At a fundraiser in Southern California last week, where pump prices are the highest in the country, Obama acknowledged the political peril of high gas prices. He said, “My poll numbers go up and down depending on the latest crisis, and right now gas prices are weighing heavily on people.”
He tried to show that he feels motorists’ pain. “I admit, Secret Service doesn’t let me fill up the pump anymore,” he said. “But it hasn’t been that long since I did.”
True. He had to pump his own gas when he commuted from the manicured lawns of Hyde Park with its private police force to whichever decrepit part of town two miles away he was “community-organizing” in. The Post’s reporters, Steven Mufson and Jon Cohen, neatly illustrate the “stubborn nature” of J-school reporting on this issue and “the difficulty of weaning” the media “off its dependence” on lazy tropes:
The poll also shows the stubborn nature of gasoline consumption and the difficulty of weaning the country off its dependence on imported oil.
“The country” is “dependent” on oil. But the “imported” bit is purely a matter of choice: A decadent elite has decided largely for aesthetic reasons that oil extraction is something foreigners do in distant lands. Hence, the pathetic spectacle of President Obama going to Brazil to praise the Brazilians for serious deepwater extraction that would get him booed off stage by the Sierra Club types if he advocated it here. If it destroys the planet doing it in U.S. waters, doesn’t it also destroy the planet transferring the operation to Brazilian waters? Meanwhile:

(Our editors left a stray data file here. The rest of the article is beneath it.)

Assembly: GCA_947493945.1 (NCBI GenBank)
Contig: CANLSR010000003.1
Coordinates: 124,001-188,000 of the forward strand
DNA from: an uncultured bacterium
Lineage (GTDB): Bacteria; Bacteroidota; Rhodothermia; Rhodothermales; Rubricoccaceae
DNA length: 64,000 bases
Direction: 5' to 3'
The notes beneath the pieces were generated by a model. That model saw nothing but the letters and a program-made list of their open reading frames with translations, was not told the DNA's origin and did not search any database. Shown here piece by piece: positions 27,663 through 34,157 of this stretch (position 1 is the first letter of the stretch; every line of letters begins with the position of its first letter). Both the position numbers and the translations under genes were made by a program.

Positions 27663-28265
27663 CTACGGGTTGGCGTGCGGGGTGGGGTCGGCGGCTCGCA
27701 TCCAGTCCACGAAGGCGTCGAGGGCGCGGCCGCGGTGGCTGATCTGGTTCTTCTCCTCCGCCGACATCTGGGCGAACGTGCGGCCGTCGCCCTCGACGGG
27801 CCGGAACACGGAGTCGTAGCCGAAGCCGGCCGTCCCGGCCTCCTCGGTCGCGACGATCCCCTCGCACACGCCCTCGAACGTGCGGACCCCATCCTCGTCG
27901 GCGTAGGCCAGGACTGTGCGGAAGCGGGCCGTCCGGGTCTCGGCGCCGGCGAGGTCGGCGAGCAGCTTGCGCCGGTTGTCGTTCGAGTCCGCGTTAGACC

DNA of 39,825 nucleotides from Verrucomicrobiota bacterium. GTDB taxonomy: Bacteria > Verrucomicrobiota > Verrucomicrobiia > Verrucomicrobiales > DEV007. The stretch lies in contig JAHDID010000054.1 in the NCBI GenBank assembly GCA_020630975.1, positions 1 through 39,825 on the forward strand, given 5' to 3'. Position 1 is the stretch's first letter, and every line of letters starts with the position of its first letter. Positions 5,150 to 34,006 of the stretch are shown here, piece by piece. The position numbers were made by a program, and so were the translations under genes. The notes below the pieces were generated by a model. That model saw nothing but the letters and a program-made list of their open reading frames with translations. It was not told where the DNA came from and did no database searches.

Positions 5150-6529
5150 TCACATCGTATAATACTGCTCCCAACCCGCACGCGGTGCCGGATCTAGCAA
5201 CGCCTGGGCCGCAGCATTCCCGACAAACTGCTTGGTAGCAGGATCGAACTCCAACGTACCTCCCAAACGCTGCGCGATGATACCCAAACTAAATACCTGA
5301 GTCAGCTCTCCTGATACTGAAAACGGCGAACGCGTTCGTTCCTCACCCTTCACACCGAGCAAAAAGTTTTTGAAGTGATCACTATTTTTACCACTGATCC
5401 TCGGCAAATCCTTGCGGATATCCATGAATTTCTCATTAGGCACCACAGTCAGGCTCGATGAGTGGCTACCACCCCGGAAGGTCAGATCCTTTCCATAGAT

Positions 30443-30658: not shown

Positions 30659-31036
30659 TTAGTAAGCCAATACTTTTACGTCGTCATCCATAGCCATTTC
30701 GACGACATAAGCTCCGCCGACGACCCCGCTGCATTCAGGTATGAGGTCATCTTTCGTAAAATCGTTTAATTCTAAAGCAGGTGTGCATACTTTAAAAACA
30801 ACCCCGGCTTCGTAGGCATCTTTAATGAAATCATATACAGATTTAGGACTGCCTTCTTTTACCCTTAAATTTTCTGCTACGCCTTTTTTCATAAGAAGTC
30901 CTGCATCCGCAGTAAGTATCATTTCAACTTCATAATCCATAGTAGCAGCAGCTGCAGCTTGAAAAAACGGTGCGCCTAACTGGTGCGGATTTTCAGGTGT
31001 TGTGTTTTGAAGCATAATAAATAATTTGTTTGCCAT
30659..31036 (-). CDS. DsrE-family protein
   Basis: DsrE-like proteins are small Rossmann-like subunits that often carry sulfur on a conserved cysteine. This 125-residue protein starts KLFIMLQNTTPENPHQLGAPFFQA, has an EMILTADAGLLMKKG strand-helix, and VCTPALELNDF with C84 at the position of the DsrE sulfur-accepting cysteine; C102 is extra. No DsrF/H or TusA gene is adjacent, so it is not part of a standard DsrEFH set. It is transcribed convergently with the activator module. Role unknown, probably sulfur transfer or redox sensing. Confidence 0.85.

Although gasoline prices are just a quarter of a dollar short of their all-time record of $4.11 for a gallon of regular set in July 2008, the Energy Information Administration forecast this month that gas consumption would average about 9.3 million barrels a day over the peak summer driving season, a 0.5 percent increase over last summer.
“Population growth and a recovering economy contribute to gasoline consumption growth,” the EIA said, adding that high gas prices and better fuel efficiency standards would dampen demand.
Or maybe economic collapse and Balkan-style civil war will “dampen demand” first.
No participant in this report from the establishment newspaper of the superpower’s capital city — the president, his “EIA,” and certainly not the reporters – seems to have a clue that in vast swathes of the country millions of people commute long distances for relatively low-paying jobs whose economic viability is severely impacted by the difference between gas at a dollar-eighty (the dawn of the Hopeychangey era) and five bucks per gallon (this summer). Maybe they could all move to Washington and get jobs as “EIA” analysts.
But don’t worry, we have a president who claims to know how “to fill up the pump.” With wet cement?